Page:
Compensation Best Practices in the Nonprofit World - Part 5 in a Series

In this series that addresses common issues surrounding compensation, it’s worthwhile to note that compensation encompasses all forms of pay and not simply base salary. Let’s dive a little deeper into the different elements of compensation.

Base Salary

The one element common to all compensation packages, base salary makes up the majority of compensation in a typical pay package within the nonprofit sector. Therefore, it’s important that base salary is set only after consideration of all relevant factors, such as comparable market data, review of the compensation philosophy, organization culture and norms, compensation history and the organization’s available financial resources. 

Bonus and Incentive Compensation

Bonus and incentive compensation in the nonprofit sector is most often seen in larger organizations, particularly within certain sectors like healthcare and media and other organizations that compete more frequently with the for-profit sector for talent. Incentive compensation is less prevalent in foundations and advocacy organizations.

Generally speaking, the use of incentive compensation is increasing in the nonprofit world since, when tied to measurable achievements and organizational objectives, it aligns executives’ priorities with organizational priorities and provides motivation to achieve key goals of the entity. Another benefit of incentive compensation is that it allows the organization to align compensation with the market without committing to pay the entire amount in a fixed base salary. If the organization has a bad year, bonuses may not be paid. Additionally, annual salary increases can be smaller, reducing fixed costs over a long term. 

When designing incentive compensation, be careful about calculating an award as a percentage of money raised. Incentives structured in this way are considered unethical by many nonprofits and may attract IRS scrutiny.

Another caution is to ensure that if incentive compensation is used, total compensation is still reasonable and does not create any issue with intermediate sanctions.

Deferred Compensation

Deferred compensation is the portion of an executive’s salary that is paid at a future time. Outlined in the employment contract, this type of compensation is defined by the amount and timing, as well as any conditions like tenure or goal achievement necessary for payout. Another type of deferred compensation defers pay, tax free, until retirement or some vesting period. This can be an important element of the total compensation package as it can increase staff retention while also providing executives with post-retirement income. Deferred compensation can be complex and includes both liability and tax implications that should be discussed with legal counsel and your tax advisor.

Other Benefits and Perquisites

Nearly all nonprofit organizations provide health insurance benefits; many also provide some level of disability and life insurance. Other common benefits include memberships in professional organizations, annual physical exams, a car allowance and parking privileges. Less common, but sometimes included, are country club memberships, financial counseling, first-class air travel, spousal travel, excess liability insurance and long-term care insurance. These benefits may be a good fit for some organizations, depending on facts and circumstances.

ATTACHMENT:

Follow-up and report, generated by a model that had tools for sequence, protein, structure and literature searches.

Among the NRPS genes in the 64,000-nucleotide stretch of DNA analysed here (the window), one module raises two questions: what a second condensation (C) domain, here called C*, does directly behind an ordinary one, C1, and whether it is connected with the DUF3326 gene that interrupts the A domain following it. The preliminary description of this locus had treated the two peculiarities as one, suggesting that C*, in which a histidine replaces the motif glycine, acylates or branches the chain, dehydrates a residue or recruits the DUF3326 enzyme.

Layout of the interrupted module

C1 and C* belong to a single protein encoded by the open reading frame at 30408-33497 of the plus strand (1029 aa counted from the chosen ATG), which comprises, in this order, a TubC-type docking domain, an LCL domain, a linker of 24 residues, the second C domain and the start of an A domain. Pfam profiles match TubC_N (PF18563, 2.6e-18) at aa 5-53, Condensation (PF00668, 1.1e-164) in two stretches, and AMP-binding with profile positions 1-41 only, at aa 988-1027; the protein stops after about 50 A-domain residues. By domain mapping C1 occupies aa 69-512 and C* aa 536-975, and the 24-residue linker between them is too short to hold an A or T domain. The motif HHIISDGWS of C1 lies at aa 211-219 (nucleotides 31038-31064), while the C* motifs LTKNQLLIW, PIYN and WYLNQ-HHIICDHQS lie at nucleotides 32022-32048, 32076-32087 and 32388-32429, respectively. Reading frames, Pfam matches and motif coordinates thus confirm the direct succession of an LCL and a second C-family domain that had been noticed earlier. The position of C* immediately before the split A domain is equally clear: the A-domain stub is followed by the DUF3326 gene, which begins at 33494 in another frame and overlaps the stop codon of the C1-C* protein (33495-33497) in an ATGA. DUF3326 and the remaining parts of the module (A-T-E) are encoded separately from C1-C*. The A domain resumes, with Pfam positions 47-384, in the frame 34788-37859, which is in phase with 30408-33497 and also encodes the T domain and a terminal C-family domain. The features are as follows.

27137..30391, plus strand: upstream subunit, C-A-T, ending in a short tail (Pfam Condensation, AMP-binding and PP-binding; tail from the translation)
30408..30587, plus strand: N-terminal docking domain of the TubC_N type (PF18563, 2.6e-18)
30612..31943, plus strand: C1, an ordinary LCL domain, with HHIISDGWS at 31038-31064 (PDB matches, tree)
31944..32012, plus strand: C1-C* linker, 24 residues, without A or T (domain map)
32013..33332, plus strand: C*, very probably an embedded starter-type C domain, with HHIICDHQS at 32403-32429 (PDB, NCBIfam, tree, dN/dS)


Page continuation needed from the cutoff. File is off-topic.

The following benefits are applicable in specialized situations:

  • Housing allowance (or low-interest or no-interest mortgage loans), maintenance and utilities are offered most commonly in the higher education sector and in organizations located in areas with high costs of living.

  • Sabbaticals are most common in educational and religious organizations.

  • An entertainment budget is most common at larger nonprofits where executives’ duties may involve extensive networking.

  • Tuition assistance is most common in higher education, but can be offered by other types of nonprofits as well.

Perquisites can be subjected to extra scrutiny by donors and others, so be sure they’re not inappropriate or excessive from a legal standpoint, as well as from the perspective of the organization’s culture, history and stakeholder expectations.

Once the board of directors considers the individual elements of a compensation package, they then must consider if the package is reasonable in its totality.

Schneider Downs Business Advisory Group provides compensation studies to aid organizations in understanding the market and documenting their reasonable compensation processes. Please contact us to discuss how we can assist you with your advisory needs.

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The Schneider Downs Our Thoughts On blog exists to create a dialogue on issues that are important to organizations and individuals. While we enjoy sharing our ideas and insights, we’re especially interested in what you may have to say. If you have a question or a comment about this article – or any article from the Our Thoughts On blog – we hope you’ll share it with us. After all, a dialogue is an exchange of ideas, and we’d like to hear from you. Email us at [email protected].

Material discussed is meant for informational purposes only, and it is not to be construed as investment, tax, or legal advice. Please note that individual situations can vary. Therefore, this information should be relied upon when coordinated with individual professional advice.

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